Can you ‘Handel’ this?

Dayton Performing Arts Alliance presents Handel’s ‘Messiah’

By Gary Spencer

Photo: The DPAA presents Handel’s “Messiah” Sunday, Dec. 20; photo: Andy Snow

It’s the most wonderful time of the year, as Frank Sinatra once sang, and there are so many traditions during this time—decorating trees, hanging stockings, leaving stale cookies and spoiled milk for Santa Claus—and some other ones that are more grounded in the origins of Christmas in particular. One of those traditions is worldwide performances of one of the most famous pieces of classical music ever written. This tradition annually occurs here in the Gem City, and that piece of music is the grand oratorio “Messiah” by German composer George Frideric Handel.

This year’s performance of Handel’s “Messiah” is being produced by the Dayton Performing Arts Alliance, an organization formed just three years ago through the merging of the Dayton Philharmonic, Dayton Ballet and Dayton Opera Guild, with all organizations being unified under one goal.

“Our mission is to bring locally produced, high quality performances and education programs of dance, opera and instrumental music to the community,” says DPAA President and CEO Paul Helfrich.

Putting on a locally produced, high quality performance of Handel’s “Messiah” most certainly meant the DPAA would enlist a 35-piece edition of the Dayton Philharmonic Orchestra, the roughly 50 members of the Dayton Philharmonic Chamber Choir, a handful of soloists and 21-years strong DPO conductor Neal Gittleman to bring to life the dots Handel wrote on paper. In fact, it is Gittleman who made the Christmastime performance of “Messiah” a yearly thing here in our city.

“This will be our 13th year of doing ‘Messiah’ in December,” Gittleman explains. “It was my idea in the first place, and except for once in a blue moon, I conduct it every year and would miss it very much if I wasn’t doing it!”

For those who don’t know the history of the piece, Handel had been writing Italian operas while living in England during the 18th century. As taste in music was in flux at the time, Handel decided to compose an English language oratorio based on scriptures from the King James Bible produced with orchestra, choir and solo vocalists. Similar to an opera, “Messiah” has arias and tells a story, but differs in that it is strictly a concert piece as opposed to an opera, which basically is a form of musical theatre.

“‘Messiah’ tells the story of Jesus Christ: prophecy, birth, passion, resurrection,” Helfrich explains. “A major part of it is the traditional Christmas Nativity story, so it fits perfectly with the Christmas season.  The texts come from Isaiah and from the Book of Revelation. However, there are no characters—no singer plays the part of Jesus, or Mary, John the Baptist or anything like that. Rather, it relies on the power of its text, taken almost entirely from the Bible and powerful music.”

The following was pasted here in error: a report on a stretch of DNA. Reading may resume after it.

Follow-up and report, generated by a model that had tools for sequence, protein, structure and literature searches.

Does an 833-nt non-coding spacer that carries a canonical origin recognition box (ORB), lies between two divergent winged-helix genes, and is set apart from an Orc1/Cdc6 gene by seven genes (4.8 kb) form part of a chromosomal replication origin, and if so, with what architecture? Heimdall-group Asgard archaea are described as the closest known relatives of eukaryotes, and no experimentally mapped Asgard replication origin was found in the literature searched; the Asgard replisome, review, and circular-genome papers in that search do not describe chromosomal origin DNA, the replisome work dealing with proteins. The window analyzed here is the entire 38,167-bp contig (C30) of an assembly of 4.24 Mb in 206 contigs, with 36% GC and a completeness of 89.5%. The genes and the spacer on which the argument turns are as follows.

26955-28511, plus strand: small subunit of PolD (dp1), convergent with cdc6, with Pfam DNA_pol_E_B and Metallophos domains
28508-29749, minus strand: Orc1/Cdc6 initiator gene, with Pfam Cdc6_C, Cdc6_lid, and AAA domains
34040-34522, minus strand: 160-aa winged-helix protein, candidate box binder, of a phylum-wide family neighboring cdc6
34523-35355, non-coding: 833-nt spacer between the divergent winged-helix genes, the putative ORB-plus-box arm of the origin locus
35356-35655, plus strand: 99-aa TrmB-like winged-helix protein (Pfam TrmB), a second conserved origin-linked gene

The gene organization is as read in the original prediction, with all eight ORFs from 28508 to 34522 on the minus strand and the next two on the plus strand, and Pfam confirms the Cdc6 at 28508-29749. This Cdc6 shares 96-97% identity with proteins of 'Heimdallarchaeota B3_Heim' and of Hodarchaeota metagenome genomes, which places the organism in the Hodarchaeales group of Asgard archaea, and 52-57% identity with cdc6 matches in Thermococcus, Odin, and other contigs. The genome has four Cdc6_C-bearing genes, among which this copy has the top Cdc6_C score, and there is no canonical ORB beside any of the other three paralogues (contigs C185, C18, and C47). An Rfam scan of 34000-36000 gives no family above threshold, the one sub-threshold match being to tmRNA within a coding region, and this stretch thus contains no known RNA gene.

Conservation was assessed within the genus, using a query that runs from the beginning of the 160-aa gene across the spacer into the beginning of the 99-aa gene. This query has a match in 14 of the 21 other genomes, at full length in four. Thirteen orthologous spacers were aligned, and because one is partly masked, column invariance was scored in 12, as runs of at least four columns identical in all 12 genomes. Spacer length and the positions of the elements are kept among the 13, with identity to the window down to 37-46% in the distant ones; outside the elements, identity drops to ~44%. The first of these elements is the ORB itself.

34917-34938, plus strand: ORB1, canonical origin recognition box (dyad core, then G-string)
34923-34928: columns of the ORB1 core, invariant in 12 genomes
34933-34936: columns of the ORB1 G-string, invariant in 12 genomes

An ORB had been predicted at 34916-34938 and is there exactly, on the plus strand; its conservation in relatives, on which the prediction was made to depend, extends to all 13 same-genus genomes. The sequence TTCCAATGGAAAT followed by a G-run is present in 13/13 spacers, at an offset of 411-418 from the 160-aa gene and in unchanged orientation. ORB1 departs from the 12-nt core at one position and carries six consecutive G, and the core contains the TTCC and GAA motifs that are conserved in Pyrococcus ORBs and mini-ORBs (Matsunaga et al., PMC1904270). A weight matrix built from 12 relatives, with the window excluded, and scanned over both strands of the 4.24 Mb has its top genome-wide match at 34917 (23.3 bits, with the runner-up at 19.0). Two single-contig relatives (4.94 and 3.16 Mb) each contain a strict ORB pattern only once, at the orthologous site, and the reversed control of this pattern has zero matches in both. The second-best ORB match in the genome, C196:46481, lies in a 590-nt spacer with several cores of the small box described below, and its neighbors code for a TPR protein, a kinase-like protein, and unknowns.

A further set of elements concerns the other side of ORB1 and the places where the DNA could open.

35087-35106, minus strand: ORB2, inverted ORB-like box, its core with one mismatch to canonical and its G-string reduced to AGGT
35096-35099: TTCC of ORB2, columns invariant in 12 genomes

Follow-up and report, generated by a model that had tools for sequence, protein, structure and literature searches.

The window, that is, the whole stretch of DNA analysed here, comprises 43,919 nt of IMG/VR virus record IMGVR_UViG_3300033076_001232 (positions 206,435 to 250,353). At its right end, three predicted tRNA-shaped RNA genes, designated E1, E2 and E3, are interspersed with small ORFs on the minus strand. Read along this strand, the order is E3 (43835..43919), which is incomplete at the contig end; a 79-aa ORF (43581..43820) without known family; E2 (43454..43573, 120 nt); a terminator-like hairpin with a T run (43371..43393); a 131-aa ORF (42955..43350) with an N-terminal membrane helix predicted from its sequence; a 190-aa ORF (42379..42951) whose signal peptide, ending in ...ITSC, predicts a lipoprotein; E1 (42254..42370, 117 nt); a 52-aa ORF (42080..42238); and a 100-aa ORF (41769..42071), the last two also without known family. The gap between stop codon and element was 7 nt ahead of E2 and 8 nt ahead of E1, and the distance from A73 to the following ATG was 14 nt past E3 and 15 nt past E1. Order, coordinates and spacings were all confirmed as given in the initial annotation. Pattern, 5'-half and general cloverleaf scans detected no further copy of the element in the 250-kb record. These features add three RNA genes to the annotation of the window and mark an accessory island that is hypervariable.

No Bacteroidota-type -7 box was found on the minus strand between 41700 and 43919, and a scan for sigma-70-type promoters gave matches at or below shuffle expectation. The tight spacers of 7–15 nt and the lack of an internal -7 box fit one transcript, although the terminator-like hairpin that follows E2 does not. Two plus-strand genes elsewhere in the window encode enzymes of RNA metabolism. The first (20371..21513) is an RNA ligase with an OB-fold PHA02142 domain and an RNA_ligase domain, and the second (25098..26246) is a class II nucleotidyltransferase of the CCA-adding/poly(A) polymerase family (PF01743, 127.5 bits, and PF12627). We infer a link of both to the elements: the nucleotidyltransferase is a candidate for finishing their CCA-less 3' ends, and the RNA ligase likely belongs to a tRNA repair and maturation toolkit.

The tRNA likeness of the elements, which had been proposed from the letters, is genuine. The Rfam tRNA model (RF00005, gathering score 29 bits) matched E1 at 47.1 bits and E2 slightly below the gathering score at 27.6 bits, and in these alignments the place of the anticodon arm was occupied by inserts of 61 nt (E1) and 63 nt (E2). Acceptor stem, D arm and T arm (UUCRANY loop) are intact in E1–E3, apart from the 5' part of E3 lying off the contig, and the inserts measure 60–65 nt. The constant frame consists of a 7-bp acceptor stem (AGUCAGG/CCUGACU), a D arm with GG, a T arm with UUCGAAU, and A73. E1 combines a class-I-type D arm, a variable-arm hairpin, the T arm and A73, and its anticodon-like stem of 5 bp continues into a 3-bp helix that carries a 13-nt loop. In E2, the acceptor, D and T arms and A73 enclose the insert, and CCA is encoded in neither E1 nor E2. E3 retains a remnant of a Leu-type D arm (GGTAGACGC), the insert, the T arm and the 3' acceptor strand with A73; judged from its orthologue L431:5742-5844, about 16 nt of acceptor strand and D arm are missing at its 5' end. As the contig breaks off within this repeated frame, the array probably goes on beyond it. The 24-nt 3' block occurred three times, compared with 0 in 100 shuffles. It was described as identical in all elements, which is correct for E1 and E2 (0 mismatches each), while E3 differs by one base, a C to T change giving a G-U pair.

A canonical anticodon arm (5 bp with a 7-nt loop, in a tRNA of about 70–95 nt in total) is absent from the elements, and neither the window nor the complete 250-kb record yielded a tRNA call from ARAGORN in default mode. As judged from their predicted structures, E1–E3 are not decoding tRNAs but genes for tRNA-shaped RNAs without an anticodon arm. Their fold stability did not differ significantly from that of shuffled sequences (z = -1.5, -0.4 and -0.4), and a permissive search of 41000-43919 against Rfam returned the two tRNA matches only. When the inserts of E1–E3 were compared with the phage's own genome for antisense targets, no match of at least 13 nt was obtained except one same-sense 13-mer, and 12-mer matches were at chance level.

Handel’s “Messiah” proves itself as tradition, performed every holiday season in nearly every corner of the world for more than 200 years now.

“The appeal of ‘Messiah’ goes well beyond the Christian faith,” Helfrich continues. “It’s one of the greatest works of concert music ever written, with a regular performance history going back to its first performance in 1742.  It contains one of the most iconic pieces of music ever, the ‘Hallelujah’ chorus, as well as several other familiar numbers like ‘For Unto Us a Child is Born’ and ‘The Trumpet Shall Sound.’ And it’s part of a tradition of choral singing that also goes back hundreds of years, by choirs professional and amateur, church and community, student and adult.”

“It’s quite simply one of the greatest pieces of all time,” Gittleman continues. “Great music, a compelling story and, above all, great drama. Handel sought out the dramatic possibilities in biblical texts and went with it. Even though ‘Messiah’ is essentially an encapsulation of Christian theology, it’s still powerful drama that grips people now as much as ever.”

This year’s edition of “Messiah” will take place like it has for the past 10 years in the hallowed halls of the Westminster Presbyterian Church in downtown Dayton, a venue perfect for orchestral music, choirs and sacred texts, for gathering during the holiest time of the calendar year.

“Westminster is a beautiful church and the resonant acoustics are particularly favorable for this type of piece, with the choral singing and 18th-century-sized orchestra,” Helfrich explains. “With a piece like this, it speaks for itself—you don’t really need to change it up from year to year, and the familiarity, I think, is what keeps people coming back. The holiday season is a time for traditions.”

The Dayton Performing Arts Alliance presents Handel’s “Messiah” Sunday, Dec. 20 at Westminster Presbyterian Church, 125 N. Wilkinson Street in downtown Dayton. Tickets are $29 for adults, $27 for seniors and $14 for children. Show begins at 6:30 p.m. For more information, please visit daytonperformingarts.org or call 937.228.3630.
Gary Spencer is a graduate of Miami University and works in the performing arts, and believes that music is the best. Contact him at GarySpencer@DaytonCityPaper.com.

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Gary Spencer is a graduate of Miami University and works in the performing arts, and believes that music is the best. Contact him at GarySpencer@DaytonCityPaper.com

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